Look, this isn’t a huge decision to make: a proofreader is vital to clean copy. Have your work proofread, and proofread it again before sending the files to the printer. Then, for good measure, proof the print proof. Because the fact of the matter is, typos happen. All. The. Time. So hire a proofreader to perform this task: don’t expect the copywriter who has looked at his/her own copy a gazillion times, and knows it by heart, to know what the copy should say. Because they will miss something, I can almost guarantee it. No, invest in the services of a proofreader, a fresh set of eyes, to rip through that copy and find every single typo in your copy. And find them they will. Because that’s their job, and oh, how proofreaders love finding copy mistakes!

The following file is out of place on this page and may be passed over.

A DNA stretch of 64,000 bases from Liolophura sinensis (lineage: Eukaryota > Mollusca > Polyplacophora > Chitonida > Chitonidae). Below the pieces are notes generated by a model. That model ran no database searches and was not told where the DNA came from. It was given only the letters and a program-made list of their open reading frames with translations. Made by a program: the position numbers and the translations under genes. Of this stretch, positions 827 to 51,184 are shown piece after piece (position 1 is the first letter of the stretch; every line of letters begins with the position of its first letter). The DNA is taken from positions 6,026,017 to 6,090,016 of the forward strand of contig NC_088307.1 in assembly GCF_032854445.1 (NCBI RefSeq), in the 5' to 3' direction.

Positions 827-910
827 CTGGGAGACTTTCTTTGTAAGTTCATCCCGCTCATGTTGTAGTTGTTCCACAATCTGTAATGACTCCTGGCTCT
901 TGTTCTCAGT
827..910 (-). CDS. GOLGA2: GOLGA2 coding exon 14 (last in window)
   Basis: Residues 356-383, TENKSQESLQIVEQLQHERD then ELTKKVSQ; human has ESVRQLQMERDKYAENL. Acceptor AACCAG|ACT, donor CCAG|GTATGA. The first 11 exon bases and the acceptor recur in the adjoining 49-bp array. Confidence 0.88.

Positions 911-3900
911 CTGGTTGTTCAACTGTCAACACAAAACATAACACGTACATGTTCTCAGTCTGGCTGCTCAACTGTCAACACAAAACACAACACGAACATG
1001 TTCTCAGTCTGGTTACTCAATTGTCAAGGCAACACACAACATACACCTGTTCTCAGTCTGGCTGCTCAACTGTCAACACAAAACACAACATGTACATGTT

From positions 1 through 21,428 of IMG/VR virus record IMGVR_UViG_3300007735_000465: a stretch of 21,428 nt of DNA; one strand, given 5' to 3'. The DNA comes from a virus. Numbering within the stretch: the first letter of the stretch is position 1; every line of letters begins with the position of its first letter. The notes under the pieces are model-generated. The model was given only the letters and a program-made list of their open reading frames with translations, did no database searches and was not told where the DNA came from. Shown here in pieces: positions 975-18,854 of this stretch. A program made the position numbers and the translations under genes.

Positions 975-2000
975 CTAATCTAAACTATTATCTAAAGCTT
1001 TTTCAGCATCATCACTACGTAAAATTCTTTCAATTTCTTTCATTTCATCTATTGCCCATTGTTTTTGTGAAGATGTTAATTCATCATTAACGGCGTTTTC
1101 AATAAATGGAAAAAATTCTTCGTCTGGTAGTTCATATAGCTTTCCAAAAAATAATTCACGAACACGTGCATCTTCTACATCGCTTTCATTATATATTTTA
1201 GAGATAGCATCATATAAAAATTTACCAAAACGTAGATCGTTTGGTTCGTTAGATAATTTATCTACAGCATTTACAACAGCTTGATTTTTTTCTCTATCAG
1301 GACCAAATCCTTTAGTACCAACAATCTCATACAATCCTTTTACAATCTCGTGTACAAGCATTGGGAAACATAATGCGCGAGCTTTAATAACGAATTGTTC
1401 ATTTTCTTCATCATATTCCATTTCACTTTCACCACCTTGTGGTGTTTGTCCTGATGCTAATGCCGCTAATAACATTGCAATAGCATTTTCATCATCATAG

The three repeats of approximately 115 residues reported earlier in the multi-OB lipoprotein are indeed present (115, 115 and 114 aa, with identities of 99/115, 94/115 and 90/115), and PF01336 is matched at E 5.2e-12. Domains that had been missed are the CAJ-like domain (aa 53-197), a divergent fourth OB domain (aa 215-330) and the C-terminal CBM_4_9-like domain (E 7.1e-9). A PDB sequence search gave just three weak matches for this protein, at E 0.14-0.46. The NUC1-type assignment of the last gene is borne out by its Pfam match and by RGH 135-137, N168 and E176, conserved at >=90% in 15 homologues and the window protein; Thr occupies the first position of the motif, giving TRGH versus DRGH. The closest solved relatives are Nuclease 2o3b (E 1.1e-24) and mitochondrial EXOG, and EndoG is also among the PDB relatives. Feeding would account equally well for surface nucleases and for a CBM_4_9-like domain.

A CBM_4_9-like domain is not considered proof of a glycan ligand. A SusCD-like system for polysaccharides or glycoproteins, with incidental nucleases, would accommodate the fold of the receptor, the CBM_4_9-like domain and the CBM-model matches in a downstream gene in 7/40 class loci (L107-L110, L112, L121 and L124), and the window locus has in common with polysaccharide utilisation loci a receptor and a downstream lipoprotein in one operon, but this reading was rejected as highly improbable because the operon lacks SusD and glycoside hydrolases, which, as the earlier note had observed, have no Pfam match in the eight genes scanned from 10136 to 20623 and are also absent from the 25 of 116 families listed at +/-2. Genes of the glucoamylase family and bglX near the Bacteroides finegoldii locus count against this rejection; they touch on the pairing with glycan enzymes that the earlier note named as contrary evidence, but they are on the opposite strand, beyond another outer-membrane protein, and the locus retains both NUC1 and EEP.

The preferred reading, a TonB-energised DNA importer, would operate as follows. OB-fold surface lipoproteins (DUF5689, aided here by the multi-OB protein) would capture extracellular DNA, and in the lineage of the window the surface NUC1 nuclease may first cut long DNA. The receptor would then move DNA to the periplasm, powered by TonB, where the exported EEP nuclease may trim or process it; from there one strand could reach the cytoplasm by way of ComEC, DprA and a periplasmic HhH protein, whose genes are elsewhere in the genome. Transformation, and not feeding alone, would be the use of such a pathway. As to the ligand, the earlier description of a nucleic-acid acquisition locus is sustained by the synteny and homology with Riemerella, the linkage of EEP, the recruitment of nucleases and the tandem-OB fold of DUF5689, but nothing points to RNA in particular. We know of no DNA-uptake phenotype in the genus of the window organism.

Unfortunately, this story does NOT have a happy ending: the copywriter who worked on this particular catalog was fired. For not catching her own costly typo.

This would not have happened if a proofreader had been on the project, too. Just sayin’.

For the Love of the Oxford Comma

Okay, so I know this is a point of contention for many a writer and editor: you are either for or against the Oxford, or serial, comma. I make no bones about it: I am definitely an Oxford comma girl. Can’t help myself. It just makes sense to use it. And, to further make the point, I cut my teeth in an industry as an editor where the Oxford comma was king. Please see the Chicago Manual of Style if you need proof.

And to illustrate the difference, double click on the awesome infographic below, also available on OnlineSchools.com:

oxford-comma

Want to Write? Get a Plan

Almost all successful writing begins with a response to an idea, experience, problem, or question. It’s hardly ever random. And your response needs some kind of process, even if it’s a rather loose one, which is what I prefer, otherwise I get so caught up in the process of writing I never actually get pen to paper.